Selfridge ANGB hosted their open house airshow on July 9-10, 2022. Like many airshows across the country, this one was previously postponed due to the COVID-19 pandemic. Although the show did not feature a military jet team, the action in the sky was filled with warbirds, two parachute teams and was headlined by the USAF F-22 Raptor Demo.
The all women’s parachute team, Misty Blues, opened the show each day with the flags of the United States and Canada followed by a large streamer promoting the team’s colors. Afterwards, the ladies walked the crowd line signing autographs and posing for photos with members of the audience.
The flying portion of the show each opened with the Friends of Jenny LLC‘s JN-4 Jenny. The Jenny is perhaps the most iconic American built aircraft of the early days of flight. It was one of the nation’s first aircraft designed to teach people how to fly, the aircraft synonymous with “barnstorming”, flew the airmail and eventually created what is commercial aviation.
This Jenny is only one of seven known to be left flying in the world today. The Jenny underwent a restoration beginning in 2012 and she took her first flight in many years on October 2, 2013. Many of the components needed to be refabricated, which was done using copies of the original Curtiss blueprints. She is painted to replicate the original Jenny “38262” which was in flying with the Army Air Service and was the first aircraft to fly the US Air Mail from Washington DC to New York City on May 15, 1918.
Warbird Heritage Foundation brought their AD-1 Skyraider. The AD-1 was designed as a single place to replace the dive bombers (Dauntless and Helldivers) and torpedo planes (Avengers) on the decks of the Navy’s carriers in World War II. The aircraft did not see service until 1946. Although too late to see service during WWII, Skyraiders were the light and medium attack aircraft of the fleet until the mid-1960s, seeing service in the Korean and Vietnam wars.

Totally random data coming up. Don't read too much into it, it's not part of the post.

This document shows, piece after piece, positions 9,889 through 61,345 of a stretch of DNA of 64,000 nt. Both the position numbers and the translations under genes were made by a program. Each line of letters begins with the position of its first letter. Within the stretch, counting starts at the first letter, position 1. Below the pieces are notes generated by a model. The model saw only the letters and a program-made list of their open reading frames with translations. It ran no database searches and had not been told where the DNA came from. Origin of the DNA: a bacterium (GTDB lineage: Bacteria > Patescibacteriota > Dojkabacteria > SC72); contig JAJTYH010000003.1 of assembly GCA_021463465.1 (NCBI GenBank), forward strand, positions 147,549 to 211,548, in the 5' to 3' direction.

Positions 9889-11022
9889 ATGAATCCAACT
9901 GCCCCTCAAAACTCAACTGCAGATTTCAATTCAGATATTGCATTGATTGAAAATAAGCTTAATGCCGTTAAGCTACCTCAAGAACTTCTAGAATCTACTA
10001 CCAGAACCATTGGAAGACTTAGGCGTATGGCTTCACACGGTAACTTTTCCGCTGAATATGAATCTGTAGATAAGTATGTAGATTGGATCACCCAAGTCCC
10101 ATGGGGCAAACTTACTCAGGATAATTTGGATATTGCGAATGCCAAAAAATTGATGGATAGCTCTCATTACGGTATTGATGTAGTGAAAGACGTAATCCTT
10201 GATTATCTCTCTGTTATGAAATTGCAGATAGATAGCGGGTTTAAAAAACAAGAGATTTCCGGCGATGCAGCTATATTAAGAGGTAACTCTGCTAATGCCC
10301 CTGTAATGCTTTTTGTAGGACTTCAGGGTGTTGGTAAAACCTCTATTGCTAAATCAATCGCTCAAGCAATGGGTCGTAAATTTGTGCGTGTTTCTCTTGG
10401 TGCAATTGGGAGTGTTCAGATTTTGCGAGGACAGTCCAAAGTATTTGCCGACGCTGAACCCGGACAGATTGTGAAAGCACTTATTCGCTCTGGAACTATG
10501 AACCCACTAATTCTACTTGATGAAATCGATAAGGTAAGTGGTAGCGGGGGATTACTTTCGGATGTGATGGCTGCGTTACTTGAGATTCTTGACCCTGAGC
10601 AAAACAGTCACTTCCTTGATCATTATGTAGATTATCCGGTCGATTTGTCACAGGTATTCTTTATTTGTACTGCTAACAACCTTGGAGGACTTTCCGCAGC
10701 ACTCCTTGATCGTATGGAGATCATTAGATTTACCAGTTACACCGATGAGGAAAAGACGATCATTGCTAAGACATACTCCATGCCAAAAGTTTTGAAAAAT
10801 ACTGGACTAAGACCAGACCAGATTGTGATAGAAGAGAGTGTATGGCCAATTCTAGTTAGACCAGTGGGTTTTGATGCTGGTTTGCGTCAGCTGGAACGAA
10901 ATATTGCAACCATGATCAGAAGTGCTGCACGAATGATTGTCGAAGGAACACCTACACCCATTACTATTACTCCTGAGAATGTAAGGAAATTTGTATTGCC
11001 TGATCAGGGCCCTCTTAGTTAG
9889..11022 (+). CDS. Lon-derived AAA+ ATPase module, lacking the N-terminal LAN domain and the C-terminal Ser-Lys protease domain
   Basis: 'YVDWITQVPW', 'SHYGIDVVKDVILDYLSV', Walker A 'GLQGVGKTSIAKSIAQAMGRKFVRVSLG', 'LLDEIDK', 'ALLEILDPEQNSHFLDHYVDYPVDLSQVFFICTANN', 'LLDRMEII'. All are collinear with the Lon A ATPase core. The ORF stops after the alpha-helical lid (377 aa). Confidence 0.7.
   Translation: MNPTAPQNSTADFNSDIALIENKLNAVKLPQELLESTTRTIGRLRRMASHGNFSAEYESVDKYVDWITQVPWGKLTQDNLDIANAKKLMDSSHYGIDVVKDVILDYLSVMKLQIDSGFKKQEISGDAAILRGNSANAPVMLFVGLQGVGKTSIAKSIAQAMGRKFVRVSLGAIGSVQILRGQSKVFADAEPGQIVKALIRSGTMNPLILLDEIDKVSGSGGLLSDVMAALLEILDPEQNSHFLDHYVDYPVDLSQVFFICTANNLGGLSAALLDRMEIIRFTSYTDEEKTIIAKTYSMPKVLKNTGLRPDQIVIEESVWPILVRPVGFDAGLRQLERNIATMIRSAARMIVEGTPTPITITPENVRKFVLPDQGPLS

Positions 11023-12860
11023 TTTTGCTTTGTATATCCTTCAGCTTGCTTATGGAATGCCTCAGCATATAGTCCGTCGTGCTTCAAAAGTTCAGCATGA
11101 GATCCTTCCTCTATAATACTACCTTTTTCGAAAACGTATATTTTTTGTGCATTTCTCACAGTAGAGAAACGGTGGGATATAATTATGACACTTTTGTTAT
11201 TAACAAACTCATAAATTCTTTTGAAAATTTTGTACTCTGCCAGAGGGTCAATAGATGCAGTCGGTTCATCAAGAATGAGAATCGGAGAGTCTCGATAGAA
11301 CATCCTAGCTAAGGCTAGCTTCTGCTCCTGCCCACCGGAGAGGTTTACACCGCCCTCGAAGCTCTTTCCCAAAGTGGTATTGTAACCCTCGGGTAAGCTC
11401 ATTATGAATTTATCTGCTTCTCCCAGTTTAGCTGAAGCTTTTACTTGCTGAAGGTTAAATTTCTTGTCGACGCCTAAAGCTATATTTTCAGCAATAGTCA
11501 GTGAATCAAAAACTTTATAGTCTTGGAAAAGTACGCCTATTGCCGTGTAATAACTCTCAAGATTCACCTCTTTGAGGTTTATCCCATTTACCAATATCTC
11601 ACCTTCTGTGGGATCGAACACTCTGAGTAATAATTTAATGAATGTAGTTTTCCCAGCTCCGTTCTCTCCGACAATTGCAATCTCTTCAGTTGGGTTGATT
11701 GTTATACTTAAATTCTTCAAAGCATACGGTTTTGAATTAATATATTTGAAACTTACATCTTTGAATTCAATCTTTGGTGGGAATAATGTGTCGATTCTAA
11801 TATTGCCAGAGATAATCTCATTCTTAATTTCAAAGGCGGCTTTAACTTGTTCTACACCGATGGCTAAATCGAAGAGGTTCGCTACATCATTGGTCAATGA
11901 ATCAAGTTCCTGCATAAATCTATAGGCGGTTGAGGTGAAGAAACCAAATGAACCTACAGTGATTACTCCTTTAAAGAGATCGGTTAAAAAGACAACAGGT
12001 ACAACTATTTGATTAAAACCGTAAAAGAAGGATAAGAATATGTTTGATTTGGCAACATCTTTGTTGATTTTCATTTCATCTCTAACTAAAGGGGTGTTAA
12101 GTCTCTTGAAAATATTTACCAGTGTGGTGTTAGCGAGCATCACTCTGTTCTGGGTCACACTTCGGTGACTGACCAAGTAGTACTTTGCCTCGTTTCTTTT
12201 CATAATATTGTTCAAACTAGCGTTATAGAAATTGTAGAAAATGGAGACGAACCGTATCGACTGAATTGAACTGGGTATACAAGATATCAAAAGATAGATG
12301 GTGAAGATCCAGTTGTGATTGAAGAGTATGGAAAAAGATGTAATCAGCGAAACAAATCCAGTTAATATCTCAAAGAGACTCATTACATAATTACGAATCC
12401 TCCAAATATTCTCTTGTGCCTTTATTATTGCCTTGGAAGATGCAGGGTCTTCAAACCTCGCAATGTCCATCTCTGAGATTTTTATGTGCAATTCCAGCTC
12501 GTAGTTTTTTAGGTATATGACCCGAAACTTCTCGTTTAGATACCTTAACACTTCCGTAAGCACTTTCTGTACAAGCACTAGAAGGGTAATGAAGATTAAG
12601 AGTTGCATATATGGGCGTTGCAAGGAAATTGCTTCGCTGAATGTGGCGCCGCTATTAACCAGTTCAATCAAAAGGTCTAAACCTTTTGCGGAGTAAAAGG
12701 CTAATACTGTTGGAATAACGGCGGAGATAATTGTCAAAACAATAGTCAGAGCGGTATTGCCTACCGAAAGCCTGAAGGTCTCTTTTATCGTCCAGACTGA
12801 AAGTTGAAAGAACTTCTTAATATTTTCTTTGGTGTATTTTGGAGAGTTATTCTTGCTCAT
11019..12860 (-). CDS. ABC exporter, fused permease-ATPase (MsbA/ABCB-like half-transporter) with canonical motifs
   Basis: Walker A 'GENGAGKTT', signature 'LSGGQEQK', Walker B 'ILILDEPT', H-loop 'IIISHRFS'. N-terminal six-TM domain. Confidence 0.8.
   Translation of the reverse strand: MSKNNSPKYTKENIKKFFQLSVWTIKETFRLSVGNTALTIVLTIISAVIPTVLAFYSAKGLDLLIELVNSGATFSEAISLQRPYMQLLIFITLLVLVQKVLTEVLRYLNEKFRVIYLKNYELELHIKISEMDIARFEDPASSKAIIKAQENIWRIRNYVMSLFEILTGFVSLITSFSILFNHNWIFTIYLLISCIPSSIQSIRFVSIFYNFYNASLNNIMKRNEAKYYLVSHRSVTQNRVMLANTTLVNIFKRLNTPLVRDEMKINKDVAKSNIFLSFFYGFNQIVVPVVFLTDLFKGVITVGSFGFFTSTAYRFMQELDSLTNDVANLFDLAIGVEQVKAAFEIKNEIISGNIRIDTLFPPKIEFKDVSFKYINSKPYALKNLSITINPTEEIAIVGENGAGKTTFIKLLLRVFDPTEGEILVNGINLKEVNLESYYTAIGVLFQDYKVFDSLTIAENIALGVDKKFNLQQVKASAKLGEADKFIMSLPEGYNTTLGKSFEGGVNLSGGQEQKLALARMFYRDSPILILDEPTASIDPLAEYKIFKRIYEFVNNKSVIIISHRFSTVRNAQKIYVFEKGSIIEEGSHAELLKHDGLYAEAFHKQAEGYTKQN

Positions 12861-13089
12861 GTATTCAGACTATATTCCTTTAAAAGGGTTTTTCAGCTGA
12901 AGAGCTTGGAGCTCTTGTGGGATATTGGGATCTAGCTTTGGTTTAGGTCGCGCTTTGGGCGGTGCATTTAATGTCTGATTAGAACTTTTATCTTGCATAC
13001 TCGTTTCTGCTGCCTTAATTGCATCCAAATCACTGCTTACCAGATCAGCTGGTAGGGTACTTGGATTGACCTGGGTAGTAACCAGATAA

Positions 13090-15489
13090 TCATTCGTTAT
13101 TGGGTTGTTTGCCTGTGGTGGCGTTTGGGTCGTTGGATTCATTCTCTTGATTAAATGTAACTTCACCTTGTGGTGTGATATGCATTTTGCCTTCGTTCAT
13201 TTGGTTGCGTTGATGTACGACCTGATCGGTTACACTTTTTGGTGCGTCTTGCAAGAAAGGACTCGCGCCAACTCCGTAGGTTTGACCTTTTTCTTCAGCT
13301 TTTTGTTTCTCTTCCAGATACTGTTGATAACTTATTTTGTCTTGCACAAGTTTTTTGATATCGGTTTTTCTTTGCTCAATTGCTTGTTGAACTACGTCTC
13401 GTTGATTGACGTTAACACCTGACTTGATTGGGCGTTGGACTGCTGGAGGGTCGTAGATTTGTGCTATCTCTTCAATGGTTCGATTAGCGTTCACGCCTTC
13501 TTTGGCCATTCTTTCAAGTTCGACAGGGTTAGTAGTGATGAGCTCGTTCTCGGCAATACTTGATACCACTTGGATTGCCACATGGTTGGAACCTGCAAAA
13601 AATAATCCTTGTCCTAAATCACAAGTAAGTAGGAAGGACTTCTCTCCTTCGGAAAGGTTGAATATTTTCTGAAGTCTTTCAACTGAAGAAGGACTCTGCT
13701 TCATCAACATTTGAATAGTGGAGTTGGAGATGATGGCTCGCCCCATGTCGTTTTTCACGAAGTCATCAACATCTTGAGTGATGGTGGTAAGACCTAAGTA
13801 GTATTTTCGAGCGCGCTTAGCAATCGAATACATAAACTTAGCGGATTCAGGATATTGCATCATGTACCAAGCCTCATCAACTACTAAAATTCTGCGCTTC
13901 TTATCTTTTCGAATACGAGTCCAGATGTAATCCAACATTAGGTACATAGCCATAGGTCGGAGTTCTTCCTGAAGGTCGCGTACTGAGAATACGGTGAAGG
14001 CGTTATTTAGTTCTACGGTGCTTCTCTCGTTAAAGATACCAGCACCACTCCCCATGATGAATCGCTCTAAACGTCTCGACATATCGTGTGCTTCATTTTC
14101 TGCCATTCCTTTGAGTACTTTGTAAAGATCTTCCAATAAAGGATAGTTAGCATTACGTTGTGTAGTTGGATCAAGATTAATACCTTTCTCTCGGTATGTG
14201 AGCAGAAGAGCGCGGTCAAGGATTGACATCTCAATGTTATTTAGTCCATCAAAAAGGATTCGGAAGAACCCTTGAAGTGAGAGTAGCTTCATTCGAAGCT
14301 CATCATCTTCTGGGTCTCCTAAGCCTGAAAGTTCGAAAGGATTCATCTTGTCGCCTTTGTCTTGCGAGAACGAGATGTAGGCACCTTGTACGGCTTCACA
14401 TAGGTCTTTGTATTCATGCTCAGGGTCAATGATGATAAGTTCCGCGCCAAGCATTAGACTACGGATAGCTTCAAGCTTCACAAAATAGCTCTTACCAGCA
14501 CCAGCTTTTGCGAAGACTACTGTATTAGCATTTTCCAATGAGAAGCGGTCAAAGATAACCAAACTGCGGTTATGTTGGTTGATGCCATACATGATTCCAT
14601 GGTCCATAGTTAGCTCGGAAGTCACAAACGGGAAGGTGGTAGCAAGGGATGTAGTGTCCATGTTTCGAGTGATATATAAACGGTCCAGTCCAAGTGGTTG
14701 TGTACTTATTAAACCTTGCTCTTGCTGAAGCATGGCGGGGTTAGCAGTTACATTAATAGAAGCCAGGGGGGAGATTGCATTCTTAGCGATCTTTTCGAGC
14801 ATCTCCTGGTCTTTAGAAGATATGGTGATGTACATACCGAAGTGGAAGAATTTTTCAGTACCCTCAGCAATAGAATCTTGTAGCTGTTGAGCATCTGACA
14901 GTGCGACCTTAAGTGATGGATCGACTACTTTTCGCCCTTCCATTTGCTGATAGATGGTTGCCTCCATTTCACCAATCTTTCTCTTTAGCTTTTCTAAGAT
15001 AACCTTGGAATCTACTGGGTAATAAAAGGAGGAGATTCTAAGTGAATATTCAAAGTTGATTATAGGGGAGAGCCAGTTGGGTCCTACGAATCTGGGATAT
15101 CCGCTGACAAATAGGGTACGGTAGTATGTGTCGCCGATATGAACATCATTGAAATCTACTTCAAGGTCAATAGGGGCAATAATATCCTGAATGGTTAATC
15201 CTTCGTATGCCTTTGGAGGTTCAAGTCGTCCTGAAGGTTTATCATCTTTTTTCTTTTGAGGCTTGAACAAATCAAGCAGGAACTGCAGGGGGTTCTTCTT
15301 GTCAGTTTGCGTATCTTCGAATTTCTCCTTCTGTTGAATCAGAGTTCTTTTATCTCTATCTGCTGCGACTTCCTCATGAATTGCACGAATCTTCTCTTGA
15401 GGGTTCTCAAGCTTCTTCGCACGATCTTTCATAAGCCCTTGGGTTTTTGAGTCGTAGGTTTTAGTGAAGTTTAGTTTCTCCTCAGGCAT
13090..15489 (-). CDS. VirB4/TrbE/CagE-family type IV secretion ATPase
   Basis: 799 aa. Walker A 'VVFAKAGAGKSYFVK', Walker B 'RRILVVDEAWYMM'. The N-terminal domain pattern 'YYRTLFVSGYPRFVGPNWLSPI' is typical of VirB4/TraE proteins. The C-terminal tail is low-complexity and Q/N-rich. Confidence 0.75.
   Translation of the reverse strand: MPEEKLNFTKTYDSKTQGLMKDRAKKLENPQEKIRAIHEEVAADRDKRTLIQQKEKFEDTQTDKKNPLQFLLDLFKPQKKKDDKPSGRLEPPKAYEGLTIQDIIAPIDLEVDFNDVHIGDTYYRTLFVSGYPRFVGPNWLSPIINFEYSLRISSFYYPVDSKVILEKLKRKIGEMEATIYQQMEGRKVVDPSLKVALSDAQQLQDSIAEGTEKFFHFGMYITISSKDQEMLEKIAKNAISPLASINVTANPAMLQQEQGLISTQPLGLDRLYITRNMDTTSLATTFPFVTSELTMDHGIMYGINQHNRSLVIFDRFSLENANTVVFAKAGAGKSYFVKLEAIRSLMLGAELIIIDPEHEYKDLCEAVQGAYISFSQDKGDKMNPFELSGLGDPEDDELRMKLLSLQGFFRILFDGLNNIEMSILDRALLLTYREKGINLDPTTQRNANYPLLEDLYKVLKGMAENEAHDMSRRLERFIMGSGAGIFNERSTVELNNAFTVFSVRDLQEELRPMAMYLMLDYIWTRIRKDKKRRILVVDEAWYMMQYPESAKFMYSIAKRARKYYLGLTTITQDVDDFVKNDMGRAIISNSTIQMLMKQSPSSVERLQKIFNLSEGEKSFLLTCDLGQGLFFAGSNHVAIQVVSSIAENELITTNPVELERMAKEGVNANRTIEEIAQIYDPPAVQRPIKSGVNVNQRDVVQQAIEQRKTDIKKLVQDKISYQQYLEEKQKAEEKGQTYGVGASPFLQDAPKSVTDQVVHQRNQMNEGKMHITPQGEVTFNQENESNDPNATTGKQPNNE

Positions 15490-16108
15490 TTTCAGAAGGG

This particular aircraft is BuNo 09257 and built in 1947. It served with the fleet until 1956 when it was stricken from the inventory. It was purchased in 1982 as surplus and returned to flying condition in 1989. It was acquired by the Warbird Heritage Foundation in 2008.
So, if it is a NAVY plane, why does it wear a USAF livery? The answer is simple, when the Navy retired the planes, the USAF needed an aircraft that could loiter in a combat zone a long time, carry a large amount of ordinance and serve as an escort for the combat rescue helicopters. They remained in service with the USAF until the early 1970s.
Greg Colyer – Ace Maker Airshow
Greg Colyer started the jet warbird portion of the airshow with the “Ace Maker” T-33 Shooting Star. The T-33 was the nation’s first jet trainer. It saw service with the USAF, Navy and multiple allied nations into the 1970s. Many of the current versions flying, including “Ace Maker” are license built Canadair variants which had a more powerful engine.
Greg earned his pilot’s license while serving with the US Army. After leaving the Army he continued to fly and worked as an Air Traffic Controller. He continued to fly and performed an occasional airshow. Life changed in 2007 when he took his first flight in a T-33. Every since he wanted to own and perform in a T-33. His dream came true when he purchased the original “Ace Maker” and began performing at airshows across the United States. He now owns three T-33s and is working on developing a 2-ship T-33 team with “Scratch” Mitchell, a former RCAF CF-18 Hornet demo pilot.